Though there was little fanfare for the grand opening of the Brinker Group’s regional office on East General Robinson Street, there was palpable excitement from the Black business owners and public officials who welcomed the Detroit-based contractor to Pittsburgh.

TO BUILDING BRIDGES—Brinker Group CEO Larry Brinker thanks Pittsburgh for a warm welcome at the Oct. 8 grand opening of his Detroit-based contracting firm’s new regional office on the North Side.

“This is a day of great hope for minority businesses in Pittsburgh and Allegheny County,” said Mark Jones, representing County Executive Dan Onorato. “The Brinker Group has the capacity to do $100 million in bonding. With their commitment, I look forward to the day when we have several large minority-owned companies here that can bid and compete in this market.”

The Brinker Group is comprised of Brinker Team Interiors, Universal Glass & Metals Inc., City Carpet & Flooring and the Brinker Tech Team. Singly or in tandem, Brinker’s group of companies has renovated stadiums and historic hotels, and built new air terminals and hospitals. At any given time, they may employ 250 skilled tradesmen. All these companies are the result of 51-year-old CEO Larry Brinker’s 30 years in contracting and his commitment to quality workmanship and diversity.

Brinker established a foothold here with $1.7 million contract to oversee job safety and logistics management for P.J. Dick/Hunt on the new Pittsburgh Penguins’ Consol Energy Center. He also won a $4.5 million joint-venture partnership contract, also with Dick for the adjoining parking structure.

Clarence Curry, who oversees minority contracting for the Sports and Exhibition Authority, welcomed Brinker with high praise.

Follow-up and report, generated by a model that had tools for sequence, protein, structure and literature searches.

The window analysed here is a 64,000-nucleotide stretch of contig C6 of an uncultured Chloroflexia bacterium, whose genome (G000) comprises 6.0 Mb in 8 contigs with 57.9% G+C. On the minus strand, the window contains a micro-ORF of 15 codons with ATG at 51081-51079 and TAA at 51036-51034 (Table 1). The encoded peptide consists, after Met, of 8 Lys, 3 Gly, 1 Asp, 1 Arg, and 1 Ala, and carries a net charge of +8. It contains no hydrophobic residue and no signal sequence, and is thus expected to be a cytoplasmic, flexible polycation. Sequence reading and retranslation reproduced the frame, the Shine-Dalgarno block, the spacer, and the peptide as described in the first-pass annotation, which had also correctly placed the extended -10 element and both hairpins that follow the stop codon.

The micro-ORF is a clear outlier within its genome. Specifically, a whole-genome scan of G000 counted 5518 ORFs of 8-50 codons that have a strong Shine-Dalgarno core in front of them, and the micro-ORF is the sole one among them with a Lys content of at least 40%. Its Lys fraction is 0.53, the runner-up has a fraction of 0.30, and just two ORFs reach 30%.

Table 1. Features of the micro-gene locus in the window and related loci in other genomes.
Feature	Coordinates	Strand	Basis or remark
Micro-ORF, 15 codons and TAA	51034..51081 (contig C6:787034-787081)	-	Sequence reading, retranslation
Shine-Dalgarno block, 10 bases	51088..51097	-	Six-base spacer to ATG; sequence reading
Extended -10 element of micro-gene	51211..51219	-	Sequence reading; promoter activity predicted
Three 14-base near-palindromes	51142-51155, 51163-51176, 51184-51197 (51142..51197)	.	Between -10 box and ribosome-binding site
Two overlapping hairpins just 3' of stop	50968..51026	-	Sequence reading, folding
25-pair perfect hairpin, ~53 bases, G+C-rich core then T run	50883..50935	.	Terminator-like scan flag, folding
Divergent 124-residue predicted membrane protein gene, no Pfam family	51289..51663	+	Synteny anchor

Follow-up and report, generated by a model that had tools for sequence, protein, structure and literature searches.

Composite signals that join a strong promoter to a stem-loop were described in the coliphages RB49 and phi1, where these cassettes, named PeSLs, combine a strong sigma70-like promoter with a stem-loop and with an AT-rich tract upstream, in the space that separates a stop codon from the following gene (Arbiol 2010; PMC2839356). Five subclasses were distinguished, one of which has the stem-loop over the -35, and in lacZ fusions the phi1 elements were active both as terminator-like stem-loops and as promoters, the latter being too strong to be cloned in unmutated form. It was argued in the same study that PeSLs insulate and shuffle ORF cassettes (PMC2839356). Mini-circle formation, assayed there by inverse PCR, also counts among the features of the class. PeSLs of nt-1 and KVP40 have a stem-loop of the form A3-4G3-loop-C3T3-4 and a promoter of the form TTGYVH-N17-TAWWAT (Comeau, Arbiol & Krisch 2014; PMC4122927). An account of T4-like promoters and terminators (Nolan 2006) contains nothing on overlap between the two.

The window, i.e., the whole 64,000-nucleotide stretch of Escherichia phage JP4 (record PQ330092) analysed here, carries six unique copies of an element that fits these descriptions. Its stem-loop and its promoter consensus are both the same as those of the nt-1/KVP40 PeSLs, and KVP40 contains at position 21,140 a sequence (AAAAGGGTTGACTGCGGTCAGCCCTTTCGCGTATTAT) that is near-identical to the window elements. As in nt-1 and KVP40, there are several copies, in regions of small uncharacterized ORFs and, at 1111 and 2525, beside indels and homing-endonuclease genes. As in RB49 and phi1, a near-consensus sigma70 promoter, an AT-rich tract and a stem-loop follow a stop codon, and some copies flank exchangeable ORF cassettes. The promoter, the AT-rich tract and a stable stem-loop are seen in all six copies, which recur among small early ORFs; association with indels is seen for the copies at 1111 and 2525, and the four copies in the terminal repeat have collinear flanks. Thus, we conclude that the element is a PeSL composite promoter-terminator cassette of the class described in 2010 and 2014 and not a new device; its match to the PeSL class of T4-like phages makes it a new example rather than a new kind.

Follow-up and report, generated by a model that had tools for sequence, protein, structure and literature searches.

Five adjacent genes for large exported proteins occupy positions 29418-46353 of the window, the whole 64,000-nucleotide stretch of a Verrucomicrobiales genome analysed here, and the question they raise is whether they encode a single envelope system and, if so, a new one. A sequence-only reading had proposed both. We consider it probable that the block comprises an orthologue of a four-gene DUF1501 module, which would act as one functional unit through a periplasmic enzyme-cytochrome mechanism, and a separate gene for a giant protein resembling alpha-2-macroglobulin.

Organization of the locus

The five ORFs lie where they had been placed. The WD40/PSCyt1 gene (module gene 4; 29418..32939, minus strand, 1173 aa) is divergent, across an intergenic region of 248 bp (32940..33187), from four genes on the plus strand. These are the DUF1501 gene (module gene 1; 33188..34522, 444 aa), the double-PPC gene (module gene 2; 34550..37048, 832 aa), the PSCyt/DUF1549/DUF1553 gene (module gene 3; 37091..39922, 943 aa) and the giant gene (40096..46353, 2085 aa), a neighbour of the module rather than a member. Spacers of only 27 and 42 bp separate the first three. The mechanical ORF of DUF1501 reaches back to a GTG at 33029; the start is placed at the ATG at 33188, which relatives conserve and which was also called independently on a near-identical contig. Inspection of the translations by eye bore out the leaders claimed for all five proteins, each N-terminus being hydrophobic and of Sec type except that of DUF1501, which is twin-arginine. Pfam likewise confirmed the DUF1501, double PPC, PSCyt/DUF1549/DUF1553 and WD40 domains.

“I’m happy to speak for the SEA board, who are all here, and to officially welcome the Brinker Group,” he said. “They served several critical functions on the Consol Center and the garage, and brought them in on time and on budget,” said Curry. “He promised to have a diverse workforce and to use local minority contractors—and he’s delivered on both.”

Hill House Association Executive Director Evan Frazier said he has had several conversations with Brinker about partnerships in the Hill District.

“We’re so excited to work with them because they understand the importance of local hiring and minority hiring,” he said. “I see a very positive relationship with the Brinker Group for the city and the Hill District.”

Brinker said although his firm has not won any additional contracts since the Consol Energy Center, he has made a lot of good contacts.

“We’re involved in different conversations, looking at some partnerships to craft a model that will work for us and to provide opportunities for people here,” he said. “I see my self spending more time here, nursing those contacts.”

After additional welcoming remarks from county Minority Women and Disadvantaged Business Enterprise Director Ruth Byrd-Smith, Pittsburgh Penguins representative Abass Kamara, and Jeff Terconi from P.J. Dick, Brinker thanked the Penguins, and Onorato for making his company’s first foray into the Pittsburgh market a success—but first he thanked his wife for letting him host the gathering on their 20th wedding anniversary.

“This is a very important evening for the Brinker Group because it marks our first time branching out of the Detroit market,” he said, then raising his glass. “We hope our commitment to using local manufacturers and contractors on the Consol center shows we intend to bring value to this community. It is our goal to be not just an excellent contractor, but also a socially conscious contractor. Here’s to building bridges across cultures”

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